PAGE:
Democracy and Nationalism in Yugoslavia
THE trouble with democracy is that people vote the way they want rather than the way they ``should.'' Consequently, election results can be not only wildly unexpected, but downright inconvenient. Such is the case in Yugoslavia, where last month the first free multiparty elections since World War II were held in two of the country's eight federal units. The results in both Slovenia and Croatia, Yugoslavia's wealthiest and most developed republics, were an impressive 55 percent popular vote for Slovenia's DEMOS Coalition and an astounding 70 percent for the Croatian Democratic Union.
The ``inconvenience'' of these election results is that they show both the Slovenes and the Croats to be first and foremost nationalists and, if need be, separatists. Why is this so? What does it portend for the future of Yugoslavia? Could it have repercussions on the stability of the Balkans and beyond? And is there a role for the United States?
First, this is an anticommunist vote. With unemployment 20 percent nationwide and doubling as insolvent factories fold, some 60 percent of the workers are living at or below the poverty line. A decade-long decline in living standards has turned people against those associated with a regime that has led the country to the brink of economic disaster.
Second, this vote reflects the fear of Serbian expansionism, reawakened by the charismatic demagogue Slobodan Milosevic, who over a 21/2-year period has purged liberal elements within Serbia and has gone beyond his republic's borders to topple the leaderships of Vojvodina, Montenegro, and Kosovo. Moreover, there is the perception that Milosevic has tried unsuccessfully to do the same in other republics, including Slovenia and Croatia.
Third, this is an anticentralization vote. In the current dispute over reapportionment of power between Yugoslavia's federal government and its republics, Slovenia and Croatia are determined to keep or enhance their powers.
Fourth, political sovereignty has specific economic repercussions. With only 25 percent of the Yugoslavia population, Slovenia and Croatia contribute more than half the federal budget. The money thus siphoned off, they point out, has led to their stagnation while yielding neither political nor economic results. Thus, they perceive the federal government as unsympathetic and often hostile to their problems.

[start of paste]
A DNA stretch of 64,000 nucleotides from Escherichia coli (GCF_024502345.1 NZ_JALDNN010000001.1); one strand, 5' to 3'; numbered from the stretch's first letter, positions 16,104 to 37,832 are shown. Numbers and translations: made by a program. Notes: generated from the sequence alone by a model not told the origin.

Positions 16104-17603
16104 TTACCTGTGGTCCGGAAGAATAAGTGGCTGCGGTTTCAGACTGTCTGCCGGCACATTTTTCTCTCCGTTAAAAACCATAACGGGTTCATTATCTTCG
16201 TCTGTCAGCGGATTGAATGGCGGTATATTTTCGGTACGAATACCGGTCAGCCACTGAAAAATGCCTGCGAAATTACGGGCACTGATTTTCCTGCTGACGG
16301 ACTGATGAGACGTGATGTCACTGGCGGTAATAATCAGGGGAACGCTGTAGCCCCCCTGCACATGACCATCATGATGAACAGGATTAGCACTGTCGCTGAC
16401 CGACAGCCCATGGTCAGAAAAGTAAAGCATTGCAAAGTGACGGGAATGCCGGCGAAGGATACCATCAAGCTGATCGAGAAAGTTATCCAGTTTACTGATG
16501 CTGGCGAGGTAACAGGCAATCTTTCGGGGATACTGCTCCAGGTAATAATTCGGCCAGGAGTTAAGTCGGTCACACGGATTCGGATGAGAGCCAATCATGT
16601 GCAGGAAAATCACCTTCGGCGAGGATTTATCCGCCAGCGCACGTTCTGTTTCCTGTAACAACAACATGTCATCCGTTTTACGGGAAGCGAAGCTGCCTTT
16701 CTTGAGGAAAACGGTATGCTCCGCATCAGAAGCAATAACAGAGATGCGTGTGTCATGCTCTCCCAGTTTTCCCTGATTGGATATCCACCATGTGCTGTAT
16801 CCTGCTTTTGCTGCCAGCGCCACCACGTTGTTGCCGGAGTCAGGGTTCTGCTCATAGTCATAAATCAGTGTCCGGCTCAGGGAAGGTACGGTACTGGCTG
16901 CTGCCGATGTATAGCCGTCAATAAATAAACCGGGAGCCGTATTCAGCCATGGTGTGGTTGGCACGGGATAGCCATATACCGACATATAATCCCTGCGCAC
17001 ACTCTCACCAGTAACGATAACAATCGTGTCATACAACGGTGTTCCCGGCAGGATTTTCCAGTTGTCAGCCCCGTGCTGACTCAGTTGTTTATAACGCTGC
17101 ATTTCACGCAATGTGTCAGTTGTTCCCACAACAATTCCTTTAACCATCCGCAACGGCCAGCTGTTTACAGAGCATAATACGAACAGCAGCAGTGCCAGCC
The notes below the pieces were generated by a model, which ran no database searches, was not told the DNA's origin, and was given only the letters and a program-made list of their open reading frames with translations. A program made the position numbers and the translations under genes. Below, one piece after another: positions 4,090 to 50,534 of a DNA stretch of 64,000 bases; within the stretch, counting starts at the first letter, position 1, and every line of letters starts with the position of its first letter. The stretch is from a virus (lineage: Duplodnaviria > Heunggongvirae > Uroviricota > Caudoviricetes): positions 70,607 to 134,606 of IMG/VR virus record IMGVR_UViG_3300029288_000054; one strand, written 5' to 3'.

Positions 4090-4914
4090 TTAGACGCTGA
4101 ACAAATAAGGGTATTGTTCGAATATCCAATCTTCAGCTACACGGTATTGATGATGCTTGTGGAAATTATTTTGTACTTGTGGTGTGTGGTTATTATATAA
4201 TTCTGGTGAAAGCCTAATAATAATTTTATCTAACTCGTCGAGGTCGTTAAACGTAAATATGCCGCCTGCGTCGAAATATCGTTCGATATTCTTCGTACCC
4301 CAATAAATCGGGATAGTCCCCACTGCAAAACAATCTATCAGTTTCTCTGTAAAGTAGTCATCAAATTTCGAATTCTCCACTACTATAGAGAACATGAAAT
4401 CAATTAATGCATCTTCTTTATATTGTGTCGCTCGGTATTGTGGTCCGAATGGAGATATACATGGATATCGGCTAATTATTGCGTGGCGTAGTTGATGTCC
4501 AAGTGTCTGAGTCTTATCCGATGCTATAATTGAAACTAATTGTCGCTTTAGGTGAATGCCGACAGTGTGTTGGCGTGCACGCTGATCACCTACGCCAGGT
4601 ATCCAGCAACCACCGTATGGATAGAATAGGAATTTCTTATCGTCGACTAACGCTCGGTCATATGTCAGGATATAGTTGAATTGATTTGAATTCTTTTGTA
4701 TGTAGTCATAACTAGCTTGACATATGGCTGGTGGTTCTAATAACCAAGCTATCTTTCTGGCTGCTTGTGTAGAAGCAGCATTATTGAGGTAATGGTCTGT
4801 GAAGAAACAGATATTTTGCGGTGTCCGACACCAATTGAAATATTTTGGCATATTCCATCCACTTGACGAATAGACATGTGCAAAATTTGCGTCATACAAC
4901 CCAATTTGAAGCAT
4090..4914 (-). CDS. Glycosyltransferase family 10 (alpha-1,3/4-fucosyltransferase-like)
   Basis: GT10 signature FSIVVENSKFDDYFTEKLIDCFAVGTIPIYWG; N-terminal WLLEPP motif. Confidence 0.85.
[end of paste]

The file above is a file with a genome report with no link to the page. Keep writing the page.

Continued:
These accumulated frustrations resulted in electoral victories for political parties based on defense of their republics' economic interests, ethnic-national integrity, and political sovereignty.
What is next for Yugoslavia? An optimistic scenario sees nationalistic election rhetoric giving way to more responsible and pragmatic politics. Consensus-making among an oligarchic elite could then be replaced by dialogue between genuine representatives of the people. Decisions thus arrived at would have the requisite support for implementation - something absent from Yugoslav politics for more than 20 years.
Such an outcome will depend on the foresight and ability of the new leaders and their parties in Slovenia and Croatia, as well as that of their counterparts in the other republics and regions and in the federal government, all of which are scheduled to hold their own multiparty elections within the coming year.
In the pessimistic scenario, the intransigence of newly elected representatives in Slovenia and Croatia, or in other republics, could make dialogue illusory and consensus impossible. A crisis could then come in several ways, ranging from the undermining of Prime Minister Ante Markovic's economic program to the more direct threat of redrawing regional boundaries. Repercussions would reach well outside the Balkans.
Direct violence against local minorities and indirect violence through forced migrations would almost certainly occur. Violence could spill beyond Yugoslavia's borders. Neighboring states have multiple ethnic and territorial interests in the country. Finally, as beleaguered groups sought to vent grievances and press for solutions, acts of international terrorism would likely follow. Pressure would mount on the great powers to become involved.
While the election results in Slovenia and Croatia suggest the chauvinism that led to a devastating civil war only a generation ago, they have a hopeful side. Both republics, after all, held multiparty elections with free media access to all; the Communist parties of both republics have stepped down; in both, new governments are being reconstituted. Not least, the April 1990 elections in Slovenia and Croatia have been the most democratic and peaceful in Yugoslavia since its first unification in 1918.
Finally, we must remember that democracy can function only in a climate of political stability; political stability is, in turn, predicated on economic solvency.
With Yugoslavia at a critical juncture, economic, political, and moral support would yield positive benefits. For the US, providing such support would cement the friendship with its first and most constant postwar ally in the region. And most important, it would provide a modicum of stability in this region which has spawned the 20th-century's two world wars.